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Plastic bags in the sea biofilms and buoyancy

Wednesday 1st December 2010

Scientists at the Marine Biological Association have shown that the properties of plastic debris in the sea change once it is covered by a biofilm of microbes.

The research suggests that microbes make plastic less buoyant and will help us understand what happens to plastic debris in the sea - vital knowledge if we are to deal with what has become an international marine pollution problem.

One of the reasons plastics are so useful is that they are waterproof and actually repel water. As demonstrated in the research, the biofilms which develop on plastic debris in seawater reduce this water repelling property and the plastic becomes less buoyant.

Large plastic debris can entangle marine animals or be problematic if it is eaten by them. Plastic tends to break down in the marine environment into tiny pieces that become available to all sorts of animals - such as mussels, shrimps and small fish - that feed on plankton or other organic particles. The changes in buoyancy behaviour caused by biofilms mean that plastic debris may be a hazard to different organisms as it sinks in mid water or to the seafloor.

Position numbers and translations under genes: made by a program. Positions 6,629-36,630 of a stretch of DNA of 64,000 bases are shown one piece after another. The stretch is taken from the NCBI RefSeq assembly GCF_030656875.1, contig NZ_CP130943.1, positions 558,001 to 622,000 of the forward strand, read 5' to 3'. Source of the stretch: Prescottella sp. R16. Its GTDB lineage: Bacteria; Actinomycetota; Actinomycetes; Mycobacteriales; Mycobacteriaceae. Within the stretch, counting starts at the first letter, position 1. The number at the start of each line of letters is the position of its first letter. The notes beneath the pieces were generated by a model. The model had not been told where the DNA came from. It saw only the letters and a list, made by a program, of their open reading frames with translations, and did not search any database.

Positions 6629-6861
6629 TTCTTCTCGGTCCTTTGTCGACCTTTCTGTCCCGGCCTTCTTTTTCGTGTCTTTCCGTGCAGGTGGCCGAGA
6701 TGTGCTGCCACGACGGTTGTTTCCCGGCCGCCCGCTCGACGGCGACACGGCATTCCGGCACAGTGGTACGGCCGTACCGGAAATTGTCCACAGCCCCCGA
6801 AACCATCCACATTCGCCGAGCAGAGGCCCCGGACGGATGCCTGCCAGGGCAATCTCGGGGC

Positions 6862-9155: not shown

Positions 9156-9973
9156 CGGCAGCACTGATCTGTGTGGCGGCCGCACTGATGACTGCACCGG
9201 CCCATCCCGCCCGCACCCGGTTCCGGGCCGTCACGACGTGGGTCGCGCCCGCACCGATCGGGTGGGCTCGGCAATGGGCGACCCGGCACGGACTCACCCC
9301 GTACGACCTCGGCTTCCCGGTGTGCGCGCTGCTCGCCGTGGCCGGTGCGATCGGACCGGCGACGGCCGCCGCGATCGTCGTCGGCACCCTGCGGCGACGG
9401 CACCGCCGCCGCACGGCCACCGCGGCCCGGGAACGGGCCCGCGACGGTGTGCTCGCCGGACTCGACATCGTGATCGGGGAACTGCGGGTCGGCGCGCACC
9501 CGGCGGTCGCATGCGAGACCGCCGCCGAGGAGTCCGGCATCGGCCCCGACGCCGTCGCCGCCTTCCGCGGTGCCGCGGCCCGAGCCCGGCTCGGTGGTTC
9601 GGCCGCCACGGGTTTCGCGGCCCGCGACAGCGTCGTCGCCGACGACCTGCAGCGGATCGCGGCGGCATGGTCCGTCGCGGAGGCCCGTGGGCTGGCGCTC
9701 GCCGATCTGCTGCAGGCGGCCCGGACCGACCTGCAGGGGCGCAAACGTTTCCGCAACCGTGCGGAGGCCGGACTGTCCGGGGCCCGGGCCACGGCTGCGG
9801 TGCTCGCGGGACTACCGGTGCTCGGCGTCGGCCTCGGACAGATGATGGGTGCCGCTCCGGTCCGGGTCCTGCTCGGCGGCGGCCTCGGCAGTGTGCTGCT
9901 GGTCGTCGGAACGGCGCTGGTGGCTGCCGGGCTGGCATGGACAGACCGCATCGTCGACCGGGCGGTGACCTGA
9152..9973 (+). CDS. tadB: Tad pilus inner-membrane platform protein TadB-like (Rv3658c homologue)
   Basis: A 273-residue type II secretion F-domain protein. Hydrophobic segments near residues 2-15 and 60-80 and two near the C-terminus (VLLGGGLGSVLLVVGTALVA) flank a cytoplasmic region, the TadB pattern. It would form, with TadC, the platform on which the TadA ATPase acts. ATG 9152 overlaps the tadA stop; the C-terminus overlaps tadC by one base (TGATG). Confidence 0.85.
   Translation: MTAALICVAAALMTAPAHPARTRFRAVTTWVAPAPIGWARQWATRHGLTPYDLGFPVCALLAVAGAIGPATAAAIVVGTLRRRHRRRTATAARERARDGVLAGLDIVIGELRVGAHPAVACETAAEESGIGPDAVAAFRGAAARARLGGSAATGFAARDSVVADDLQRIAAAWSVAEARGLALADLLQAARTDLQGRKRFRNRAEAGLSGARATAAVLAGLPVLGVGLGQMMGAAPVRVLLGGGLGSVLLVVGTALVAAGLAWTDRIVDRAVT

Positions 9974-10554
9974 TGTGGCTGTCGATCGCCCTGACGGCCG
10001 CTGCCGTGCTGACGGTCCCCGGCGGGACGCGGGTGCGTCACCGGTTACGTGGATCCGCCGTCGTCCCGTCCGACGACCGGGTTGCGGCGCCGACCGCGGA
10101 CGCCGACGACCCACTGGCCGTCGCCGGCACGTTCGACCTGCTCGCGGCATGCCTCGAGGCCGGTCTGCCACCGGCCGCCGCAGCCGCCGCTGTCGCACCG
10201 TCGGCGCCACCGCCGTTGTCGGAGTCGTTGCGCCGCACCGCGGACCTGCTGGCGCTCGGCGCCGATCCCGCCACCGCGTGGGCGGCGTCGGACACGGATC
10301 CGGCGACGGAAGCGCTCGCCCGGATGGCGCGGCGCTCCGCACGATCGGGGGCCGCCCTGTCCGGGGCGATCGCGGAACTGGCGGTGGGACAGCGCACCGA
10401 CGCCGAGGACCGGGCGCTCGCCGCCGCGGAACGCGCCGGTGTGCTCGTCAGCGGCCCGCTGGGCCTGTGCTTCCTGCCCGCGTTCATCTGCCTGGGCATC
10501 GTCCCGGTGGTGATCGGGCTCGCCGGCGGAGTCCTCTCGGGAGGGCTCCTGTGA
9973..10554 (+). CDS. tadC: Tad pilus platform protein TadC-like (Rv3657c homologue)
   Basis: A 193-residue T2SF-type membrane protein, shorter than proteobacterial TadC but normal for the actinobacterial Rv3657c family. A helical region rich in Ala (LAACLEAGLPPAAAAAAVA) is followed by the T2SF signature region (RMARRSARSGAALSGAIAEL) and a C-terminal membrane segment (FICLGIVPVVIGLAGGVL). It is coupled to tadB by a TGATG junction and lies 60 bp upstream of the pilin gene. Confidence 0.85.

The experiment looked at colonisation of polyethylene plastics which takes place in the first few weeks 'at sea'. Researchers found no evidence in these early biofilms of bacteria that degrade plastics.

The reference for the paper is:

Delphine Lobelle & Michael Cunliffe (2011) Early microbial biofilm formation on marine plastic debris. Marine Pollution Bulletin doi: 10.1016/j.marpolbul.2010.10.013.


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